On/Off uctuations are different from the phenomenon known as Freezing, which can also affect people who have had Parkinsons for some time. Freezing is the word used to describe the experience of stopping suddenly while walking or when trying to initiating walking, and people feel as though their feet are frozen or stuck to the ground. While Freezing episodes tend to last only a few seconds, an Off period can continue for minutes, or even hours.

How is the On/Off Treated?

What Can People with Parkinsons Do to Help Themselves?


Other Relevant Information Sheets:

M1.1: Motor Fluctuations in Parkinsons Disease M1.2: Wearing Off in Parkinsons Disease

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Talking With Your Doctor

What should I tell my doctor before taking INBRIJA?

Give your doctor as many details as possible about any symptoms you experience between doses of your regular Parkinsonâs medication. It may be helpful to keep a journal that notes when you have symptoms, what they are, the time of day, and how long they last. Use our doctor discussion guide and the symptom checklist provided with it to help you prepare for discussions with your doctor.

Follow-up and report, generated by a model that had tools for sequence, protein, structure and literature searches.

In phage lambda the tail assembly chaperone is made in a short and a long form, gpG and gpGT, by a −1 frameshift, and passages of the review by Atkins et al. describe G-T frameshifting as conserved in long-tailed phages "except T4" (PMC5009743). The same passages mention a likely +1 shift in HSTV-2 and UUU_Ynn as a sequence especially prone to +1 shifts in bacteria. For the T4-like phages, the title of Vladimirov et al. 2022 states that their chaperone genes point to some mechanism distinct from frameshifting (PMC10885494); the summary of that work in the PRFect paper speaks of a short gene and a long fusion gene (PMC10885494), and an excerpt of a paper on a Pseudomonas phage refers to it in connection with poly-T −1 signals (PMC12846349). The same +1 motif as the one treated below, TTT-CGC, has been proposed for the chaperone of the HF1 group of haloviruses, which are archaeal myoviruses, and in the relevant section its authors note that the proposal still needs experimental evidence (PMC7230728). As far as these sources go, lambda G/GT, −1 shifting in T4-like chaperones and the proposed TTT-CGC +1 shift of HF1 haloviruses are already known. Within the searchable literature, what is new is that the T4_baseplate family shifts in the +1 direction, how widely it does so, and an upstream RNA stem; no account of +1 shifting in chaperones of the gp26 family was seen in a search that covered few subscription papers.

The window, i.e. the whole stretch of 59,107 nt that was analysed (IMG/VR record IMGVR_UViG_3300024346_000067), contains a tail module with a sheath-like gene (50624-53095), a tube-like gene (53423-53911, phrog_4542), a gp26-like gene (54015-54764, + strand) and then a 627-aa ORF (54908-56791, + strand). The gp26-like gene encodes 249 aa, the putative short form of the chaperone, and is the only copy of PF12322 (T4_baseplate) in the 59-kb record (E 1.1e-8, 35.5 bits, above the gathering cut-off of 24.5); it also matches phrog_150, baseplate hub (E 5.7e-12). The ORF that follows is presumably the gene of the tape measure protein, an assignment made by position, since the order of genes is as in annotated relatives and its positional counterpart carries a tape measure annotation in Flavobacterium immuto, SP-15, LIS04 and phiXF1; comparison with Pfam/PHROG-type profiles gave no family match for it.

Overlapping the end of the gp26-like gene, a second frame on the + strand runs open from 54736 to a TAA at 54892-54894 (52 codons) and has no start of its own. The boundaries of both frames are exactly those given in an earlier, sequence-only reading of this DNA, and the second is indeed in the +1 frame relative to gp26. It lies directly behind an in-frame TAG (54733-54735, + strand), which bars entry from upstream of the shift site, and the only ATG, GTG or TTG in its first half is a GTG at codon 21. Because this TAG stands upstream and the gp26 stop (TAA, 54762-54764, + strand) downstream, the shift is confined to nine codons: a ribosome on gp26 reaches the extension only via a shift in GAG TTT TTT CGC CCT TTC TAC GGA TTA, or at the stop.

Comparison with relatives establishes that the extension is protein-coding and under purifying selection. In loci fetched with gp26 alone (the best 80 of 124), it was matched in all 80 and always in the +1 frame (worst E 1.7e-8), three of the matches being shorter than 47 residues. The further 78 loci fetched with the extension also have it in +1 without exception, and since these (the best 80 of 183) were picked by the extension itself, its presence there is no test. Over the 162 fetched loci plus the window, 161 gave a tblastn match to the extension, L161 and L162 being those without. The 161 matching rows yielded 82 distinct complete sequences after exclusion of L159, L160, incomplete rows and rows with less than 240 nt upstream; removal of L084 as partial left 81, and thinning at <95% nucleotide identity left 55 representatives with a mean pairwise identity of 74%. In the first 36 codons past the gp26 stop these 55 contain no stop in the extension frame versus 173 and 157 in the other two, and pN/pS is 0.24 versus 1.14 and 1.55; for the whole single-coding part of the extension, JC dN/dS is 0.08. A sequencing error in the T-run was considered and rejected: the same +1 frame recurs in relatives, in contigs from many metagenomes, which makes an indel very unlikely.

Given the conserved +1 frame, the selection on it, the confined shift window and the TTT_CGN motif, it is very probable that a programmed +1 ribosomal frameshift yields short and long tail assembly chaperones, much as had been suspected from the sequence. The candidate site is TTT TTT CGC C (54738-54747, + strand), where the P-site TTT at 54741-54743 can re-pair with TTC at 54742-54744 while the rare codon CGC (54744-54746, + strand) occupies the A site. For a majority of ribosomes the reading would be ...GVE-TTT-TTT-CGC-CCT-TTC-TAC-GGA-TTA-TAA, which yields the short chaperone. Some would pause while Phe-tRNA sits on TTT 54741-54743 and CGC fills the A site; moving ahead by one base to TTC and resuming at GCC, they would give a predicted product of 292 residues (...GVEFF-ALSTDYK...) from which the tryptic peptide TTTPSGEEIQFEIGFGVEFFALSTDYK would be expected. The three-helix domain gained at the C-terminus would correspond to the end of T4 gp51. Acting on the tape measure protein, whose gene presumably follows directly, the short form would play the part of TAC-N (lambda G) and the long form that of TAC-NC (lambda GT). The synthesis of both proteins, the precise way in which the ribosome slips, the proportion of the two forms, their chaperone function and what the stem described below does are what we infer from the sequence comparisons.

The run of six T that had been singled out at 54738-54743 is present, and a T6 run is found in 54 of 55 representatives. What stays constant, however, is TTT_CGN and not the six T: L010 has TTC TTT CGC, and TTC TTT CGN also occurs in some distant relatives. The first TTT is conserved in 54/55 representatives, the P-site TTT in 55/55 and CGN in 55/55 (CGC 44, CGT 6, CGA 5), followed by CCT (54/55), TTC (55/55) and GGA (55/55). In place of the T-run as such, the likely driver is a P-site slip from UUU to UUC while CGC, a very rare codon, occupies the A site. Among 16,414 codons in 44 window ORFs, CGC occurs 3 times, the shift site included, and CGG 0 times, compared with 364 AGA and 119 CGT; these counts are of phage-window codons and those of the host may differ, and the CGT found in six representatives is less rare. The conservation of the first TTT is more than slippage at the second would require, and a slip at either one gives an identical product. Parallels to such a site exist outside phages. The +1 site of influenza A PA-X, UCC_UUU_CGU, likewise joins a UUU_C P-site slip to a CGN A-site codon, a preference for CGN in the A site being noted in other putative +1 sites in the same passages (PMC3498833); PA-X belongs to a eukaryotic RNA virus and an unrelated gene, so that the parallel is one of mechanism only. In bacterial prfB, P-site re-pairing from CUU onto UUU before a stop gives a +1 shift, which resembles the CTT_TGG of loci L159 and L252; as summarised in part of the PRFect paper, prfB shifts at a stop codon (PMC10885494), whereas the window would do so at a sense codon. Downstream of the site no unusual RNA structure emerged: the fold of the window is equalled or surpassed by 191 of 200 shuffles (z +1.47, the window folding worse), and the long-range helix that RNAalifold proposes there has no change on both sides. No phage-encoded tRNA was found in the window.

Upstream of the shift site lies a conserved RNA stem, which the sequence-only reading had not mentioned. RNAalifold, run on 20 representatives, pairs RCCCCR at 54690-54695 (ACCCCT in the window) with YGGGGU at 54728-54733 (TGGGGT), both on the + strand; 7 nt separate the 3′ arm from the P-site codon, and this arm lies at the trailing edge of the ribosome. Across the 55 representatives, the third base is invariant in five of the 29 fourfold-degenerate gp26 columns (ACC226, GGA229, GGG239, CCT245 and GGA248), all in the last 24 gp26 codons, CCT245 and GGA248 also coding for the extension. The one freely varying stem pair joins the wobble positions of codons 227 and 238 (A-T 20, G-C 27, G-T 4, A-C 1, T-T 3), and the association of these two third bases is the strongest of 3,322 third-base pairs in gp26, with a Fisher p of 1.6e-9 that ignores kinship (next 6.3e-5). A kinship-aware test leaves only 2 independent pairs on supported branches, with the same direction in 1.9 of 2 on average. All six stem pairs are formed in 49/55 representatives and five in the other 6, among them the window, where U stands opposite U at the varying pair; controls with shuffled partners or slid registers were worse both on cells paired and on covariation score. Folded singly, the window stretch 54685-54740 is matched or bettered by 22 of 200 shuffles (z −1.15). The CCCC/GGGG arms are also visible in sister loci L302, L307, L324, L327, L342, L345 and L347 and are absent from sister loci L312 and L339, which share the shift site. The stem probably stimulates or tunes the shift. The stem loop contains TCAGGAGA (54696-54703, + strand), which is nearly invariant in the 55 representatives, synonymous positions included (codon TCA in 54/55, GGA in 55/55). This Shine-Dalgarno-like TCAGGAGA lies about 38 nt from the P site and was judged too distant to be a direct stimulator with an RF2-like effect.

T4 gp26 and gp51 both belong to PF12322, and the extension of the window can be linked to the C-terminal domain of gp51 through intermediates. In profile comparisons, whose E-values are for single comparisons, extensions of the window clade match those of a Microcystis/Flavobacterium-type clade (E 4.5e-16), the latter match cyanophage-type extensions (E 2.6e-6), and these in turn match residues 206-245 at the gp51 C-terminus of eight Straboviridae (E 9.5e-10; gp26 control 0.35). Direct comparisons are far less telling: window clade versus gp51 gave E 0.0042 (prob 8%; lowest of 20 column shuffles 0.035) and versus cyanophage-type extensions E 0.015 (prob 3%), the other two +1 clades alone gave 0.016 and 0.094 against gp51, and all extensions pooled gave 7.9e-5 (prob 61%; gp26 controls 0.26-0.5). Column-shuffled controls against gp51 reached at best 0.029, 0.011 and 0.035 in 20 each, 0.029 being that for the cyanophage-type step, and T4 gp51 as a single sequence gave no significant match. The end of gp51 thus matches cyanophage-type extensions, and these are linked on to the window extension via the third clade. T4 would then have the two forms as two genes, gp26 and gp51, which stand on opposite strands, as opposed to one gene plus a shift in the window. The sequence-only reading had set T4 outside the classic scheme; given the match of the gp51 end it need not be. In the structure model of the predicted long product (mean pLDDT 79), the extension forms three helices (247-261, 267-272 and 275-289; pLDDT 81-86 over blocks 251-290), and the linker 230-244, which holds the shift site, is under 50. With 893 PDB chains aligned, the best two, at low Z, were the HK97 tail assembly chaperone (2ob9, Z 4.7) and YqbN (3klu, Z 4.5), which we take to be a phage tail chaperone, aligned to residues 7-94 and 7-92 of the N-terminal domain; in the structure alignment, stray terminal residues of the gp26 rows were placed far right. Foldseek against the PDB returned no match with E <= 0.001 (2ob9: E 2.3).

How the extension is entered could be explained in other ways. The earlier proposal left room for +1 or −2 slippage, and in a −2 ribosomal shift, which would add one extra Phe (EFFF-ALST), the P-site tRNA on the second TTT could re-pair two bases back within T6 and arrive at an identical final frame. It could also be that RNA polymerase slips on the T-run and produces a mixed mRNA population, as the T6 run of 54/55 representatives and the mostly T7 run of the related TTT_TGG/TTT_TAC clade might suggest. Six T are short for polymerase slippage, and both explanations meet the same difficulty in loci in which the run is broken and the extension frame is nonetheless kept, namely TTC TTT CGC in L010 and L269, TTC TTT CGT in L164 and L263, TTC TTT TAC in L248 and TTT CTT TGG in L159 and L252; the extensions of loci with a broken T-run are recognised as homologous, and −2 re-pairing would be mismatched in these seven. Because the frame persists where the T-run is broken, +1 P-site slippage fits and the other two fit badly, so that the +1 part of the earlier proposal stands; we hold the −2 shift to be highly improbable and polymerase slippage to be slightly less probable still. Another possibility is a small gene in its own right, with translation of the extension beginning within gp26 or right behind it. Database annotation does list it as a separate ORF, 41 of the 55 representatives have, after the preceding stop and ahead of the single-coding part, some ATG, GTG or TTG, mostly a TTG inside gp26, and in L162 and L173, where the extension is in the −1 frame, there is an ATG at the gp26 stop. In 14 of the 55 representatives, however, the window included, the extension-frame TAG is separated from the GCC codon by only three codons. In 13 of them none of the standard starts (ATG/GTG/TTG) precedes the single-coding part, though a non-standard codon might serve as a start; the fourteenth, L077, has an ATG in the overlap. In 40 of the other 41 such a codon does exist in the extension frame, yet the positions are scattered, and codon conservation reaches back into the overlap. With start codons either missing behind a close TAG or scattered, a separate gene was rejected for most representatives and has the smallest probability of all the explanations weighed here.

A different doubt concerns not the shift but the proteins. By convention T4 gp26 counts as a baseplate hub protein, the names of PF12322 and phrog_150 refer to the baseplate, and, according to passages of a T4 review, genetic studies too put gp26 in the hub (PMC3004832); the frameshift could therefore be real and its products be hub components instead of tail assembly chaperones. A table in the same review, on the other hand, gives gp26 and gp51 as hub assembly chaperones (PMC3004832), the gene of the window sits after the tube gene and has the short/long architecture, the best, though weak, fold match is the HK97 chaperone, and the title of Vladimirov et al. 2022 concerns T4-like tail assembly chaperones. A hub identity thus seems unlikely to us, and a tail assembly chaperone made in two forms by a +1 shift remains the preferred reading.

Before using INBRIJA, tell your healthcare provider about your medical conditions, including:

  • asthma, chronic obstructive pulmonary disease , or any chronic lung disease
  • daytime sleepiness, sleep disorders, sleepiness/drowsiness without warning, or use of medicine that increases sleepiness, including antidepressants or antipsychotics
  • dizziness, nausea, sweating, or fainting when standing up
  • abnormal movement
  • mental health problems such as hallucinations or psychosis
  • uncontrollable urges like gambling, sexual urges, spending money, or binge eating
  • glaucoma
  • pregnancy or plans to become pregnant. It is unknown if INBRIJA will harm an unborn baby.
  • breastfeeding or plans to breastfeed. Levodopa can pass into breastmilk and it is unknown if it can harm the baby

What Is The Wearing Off Symptoms For Parkinsons Disease

Dr Stewart Factor Discusses Management of OFF Periods, Treatment Innovations in Parkinson Disease

Wearing off symptoms characteristically occur when the impact of levodopa medication come down / diminish before the time of the next dosage. The symptoms of Parkinsons disease is expected to return or even worsen before the next dosage of levodopa is scheduled, and then again improve after the patient is given the next dose. When the medication works and its effects can be seen, it is said the patient is on during that time, and again the when the effect of the medication worn out, it is said that the patient is in off phase. Thus, cycle is also called the on-off episode of Parkinsons disease.

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Return Of Symptoms: Off Periods

Many people with Parkinsons disease fluctuate between periods in which symptoms are controlled and periods in which they return.3,6 This is commonly referred to as ON and OFF periods. The progression of Parkinson’s disease contributes to the return of symptoms and this can occur despite optimized treatment.7,8

What Types Of Symptoms Might You Experience When Youre Off